• Deliberately Monochrome: Filmed completely in black-and-white, lending it an arthouse sheen. The AV Club described it as "The Texas Chain Saw Massacre directed by Ingmar Bergman" for this reason.
  • Double Standard: Rape, Female on Male: After being rebuffed by Kimiko, Francisca drags Charlie out of the barn and rapes him in the bedroom.
  • Emotionless Girl: Francisca, though she has some private emotional breakdowns when her loneliness gets to her.
  • Evil Feels Good: While stabbing Charlie to death, Francisca admits this to herself.
    "You're right. This does feel amazing."
  • Eye Scream: Francisca surgically removes Charlie's and Lucy's eyes, along with their vocal cords.
  • Fan Disservice: Francisca gets naked at one point, but it's for the purpose of raping the helpless, mutilated Charlie.
  • A Fate Worse Than Death: Happens to Charlie and, later, Lucy. See And I Must Scream for details.
    Charlie: You're gonna kill me, right?
    Francisca: No. Why would I do that? You're my friend.
  • Faux Affably Evil: Charlie pretends to be a friendly salesman in order to get inside the house, only to then pull out a pistol and drag Francisca's mother into the bathroom to be raped.
  • For the Evulz: Charlie admits that he only does what he does because "it feels amazing".
  • Gory Discretion Shot: As gruesome as it is, very little of the violence actually happens oncreen. We mostly just see the aftermath of it.
  • How We Got Here: The film opens with a truck driver stopping to help a woman collapsed in the middle of the road. We only learn the context of this near the very end.
  • Incest Subtext: Francisca seems to have a bit of an Electra Complex; she sleeps in the same bed as her father, repeatedly asks him to dance, and bathes him when he becomes infirm. After he dies, she performs a seductive Portuguese dance for his corpse.
  • Leave the Camera Running: The camerawork mostly consists of long, static, silent takes.
  • Madwoman in the Attic: After being disabled by Francisca's father, Charlie is kept chained up in the shed, where Francisca turns him into her pet. Years later, after she kills him for trying to escape, Francisca does the same thing with Lucy.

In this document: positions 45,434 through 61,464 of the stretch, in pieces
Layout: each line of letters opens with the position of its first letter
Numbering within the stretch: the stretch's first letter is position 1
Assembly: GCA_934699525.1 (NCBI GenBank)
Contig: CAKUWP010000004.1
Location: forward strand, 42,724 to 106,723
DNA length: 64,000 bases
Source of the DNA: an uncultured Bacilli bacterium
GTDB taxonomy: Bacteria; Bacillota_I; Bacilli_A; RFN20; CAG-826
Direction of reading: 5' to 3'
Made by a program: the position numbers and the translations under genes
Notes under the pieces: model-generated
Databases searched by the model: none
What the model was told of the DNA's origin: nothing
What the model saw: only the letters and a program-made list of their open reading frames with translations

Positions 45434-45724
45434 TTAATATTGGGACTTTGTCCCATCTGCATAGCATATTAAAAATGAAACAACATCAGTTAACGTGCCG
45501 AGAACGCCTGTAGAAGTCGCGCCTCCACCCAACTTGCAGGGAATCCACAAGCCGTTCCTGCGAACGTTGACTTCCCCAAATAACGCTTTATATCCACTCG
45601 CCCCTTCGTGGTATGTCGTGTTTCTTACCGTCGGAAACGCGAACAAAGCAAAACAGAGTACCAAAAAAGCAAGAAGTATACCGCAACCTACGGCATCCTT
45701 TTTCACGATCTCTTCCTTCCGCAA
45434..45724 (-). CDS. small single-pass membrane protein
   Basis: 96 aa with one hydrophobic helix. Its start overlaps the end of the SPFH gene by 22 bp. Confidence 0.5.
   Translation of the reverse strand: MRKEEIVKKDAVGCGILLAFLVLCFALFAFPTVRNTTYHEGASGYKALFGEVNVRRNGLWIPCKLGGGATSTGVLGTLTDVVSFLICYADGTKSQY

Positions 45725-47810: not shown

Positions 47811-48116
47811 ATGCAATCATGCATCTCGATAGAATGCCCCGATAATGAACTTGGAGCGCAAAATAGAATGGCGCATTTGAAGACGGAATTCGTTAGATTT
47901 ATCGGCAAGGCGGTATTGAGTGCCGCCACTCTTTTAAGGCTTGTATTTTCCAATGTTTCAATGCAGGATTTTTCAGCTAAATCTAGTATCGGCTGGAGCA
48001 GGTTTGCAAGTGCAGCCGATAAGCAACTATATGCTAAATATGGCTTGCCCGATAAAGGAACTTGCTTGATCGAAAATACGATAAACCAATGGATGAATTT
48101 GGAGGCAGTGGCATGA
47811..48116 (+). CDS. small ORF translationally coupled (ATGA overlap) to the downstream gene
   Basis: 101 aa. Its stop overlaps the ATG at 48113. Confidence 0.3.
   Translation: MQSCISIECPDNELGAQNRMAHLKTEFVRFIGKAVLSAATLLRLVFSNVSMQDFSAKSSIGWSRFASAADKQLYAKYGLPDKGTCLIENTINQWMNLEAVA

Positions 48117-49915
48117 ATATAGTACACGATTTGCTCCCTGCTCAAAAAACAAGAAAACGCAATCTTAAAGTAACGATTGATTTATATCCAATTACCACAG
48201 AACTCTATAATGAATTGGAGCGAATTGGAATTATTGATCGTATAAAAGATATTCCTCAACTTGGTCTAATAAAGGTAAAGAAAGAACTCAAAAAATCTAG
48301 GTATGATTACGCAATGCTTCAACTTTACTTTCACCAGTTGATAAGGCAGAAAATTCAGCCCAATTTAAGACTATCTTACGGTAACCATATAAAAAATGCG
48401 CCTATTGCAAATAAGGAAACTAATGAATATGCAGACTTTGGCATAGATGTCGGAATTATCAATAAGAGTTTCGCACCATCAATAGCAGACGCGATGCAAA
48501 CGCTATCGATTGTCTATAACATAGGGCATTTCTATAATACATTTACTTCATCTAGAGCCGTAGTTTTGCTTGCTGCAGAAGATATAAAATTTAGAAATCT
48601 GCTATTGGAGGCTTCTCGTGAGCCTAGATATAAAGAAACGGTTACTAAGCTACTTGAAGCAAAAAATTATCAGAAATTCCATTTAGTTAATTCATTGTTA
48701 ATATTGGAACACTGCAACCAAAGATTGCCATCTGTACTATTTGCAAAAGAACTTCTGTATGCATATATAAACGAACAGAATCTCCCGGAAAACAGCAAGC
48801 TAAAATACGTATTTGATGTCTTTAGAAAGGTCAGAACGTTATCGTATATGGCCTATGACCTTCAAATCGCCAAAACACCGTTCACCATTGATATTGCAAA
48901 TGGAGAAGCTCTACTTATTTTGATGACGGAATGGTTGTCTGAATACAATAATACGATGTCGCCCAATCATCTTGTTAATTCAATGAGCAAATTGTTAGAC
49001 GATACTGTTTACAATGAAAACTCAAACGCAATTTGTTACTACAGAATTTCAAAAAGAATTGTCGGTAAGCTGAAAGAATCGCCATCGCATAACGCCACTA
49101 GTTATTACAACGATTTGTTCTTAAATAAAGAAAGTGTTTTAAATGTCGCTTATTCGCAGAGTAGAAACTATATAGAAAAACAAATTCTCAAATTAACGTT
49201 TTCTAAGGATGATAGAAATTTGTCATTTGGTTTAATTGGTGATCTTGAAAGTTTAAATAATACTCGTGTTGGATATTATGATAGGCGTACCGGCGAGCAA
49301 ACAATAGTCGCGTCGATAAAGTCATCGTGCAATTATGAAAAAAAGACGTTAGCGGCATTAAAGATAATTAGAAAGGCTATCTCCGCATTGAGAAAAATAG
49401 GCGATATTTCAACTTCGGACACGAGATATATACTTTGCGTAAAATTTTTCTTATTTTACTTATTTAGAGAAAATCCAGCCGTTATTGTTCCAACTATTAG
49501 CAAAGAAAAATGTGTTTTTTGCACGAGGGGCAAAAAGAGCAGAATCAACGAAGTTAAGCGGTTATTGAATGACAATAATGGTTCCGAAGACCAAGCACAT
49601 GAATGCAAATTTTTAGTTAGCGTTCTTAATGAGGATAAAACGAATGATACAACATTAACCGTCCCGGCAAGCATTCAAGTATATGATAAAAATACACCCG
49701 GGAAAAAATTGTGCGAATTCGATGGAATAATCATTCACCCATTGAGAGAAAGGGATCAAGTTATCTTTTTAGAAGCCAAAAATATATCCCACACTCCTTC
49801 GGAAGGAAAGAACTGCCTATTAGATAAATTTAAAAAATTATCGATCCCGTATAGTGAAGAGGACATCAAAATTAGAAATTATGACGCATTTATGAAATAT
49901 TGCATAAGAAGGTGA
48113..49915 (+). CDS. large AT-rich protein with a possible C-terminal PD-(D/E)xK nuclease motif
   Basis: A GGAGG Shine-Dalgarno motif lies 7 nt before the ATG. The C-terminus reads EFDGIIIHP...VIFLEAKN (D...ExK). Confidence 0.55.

• Murder Ballad: The trucker in the opening scene is listening to one on the radio, which foreshadows the rest of the film.
  • No Social Skills: All of Francisca's social interactions are extremely stilted and awkward, due to her spending her entire life on the farm and hardly ever seeing anyone else.
  • Pay Evil unto Evil: Francisca's father imprisons Charlie in her shed and lets his daughter treat him as a pet.
  • Obliviously Evil: Francisca doesn't seem to realize that anything she does is wrong, and in fact seems to love her prisoners in her own fashion.
  • Serial Killer: Charlie, who is also likely a Serial Rapist.
  • Silence Is Golden: There's very little dialogue.
  • Sound-Only Death: The murder of Francisca's mother doesn't happen onscreen; we just hear a series of pounding noises from the bathroom.
  • Talking to the Dead: Francisca often prays to her mother, and near the end of the film digs up her skeleton and talks to it.
  • Tragic Villain: Francisca was deeply traumatized by the murder of her mother and never got a chance to healthily process it because of her sociopathic father. She doesn't seem to realize that anything she does is wrong and is driven more by loneliness and a desire for human contact than sadism.
  • Villain Protagonist: Francisca, of the Tragic Villain variety.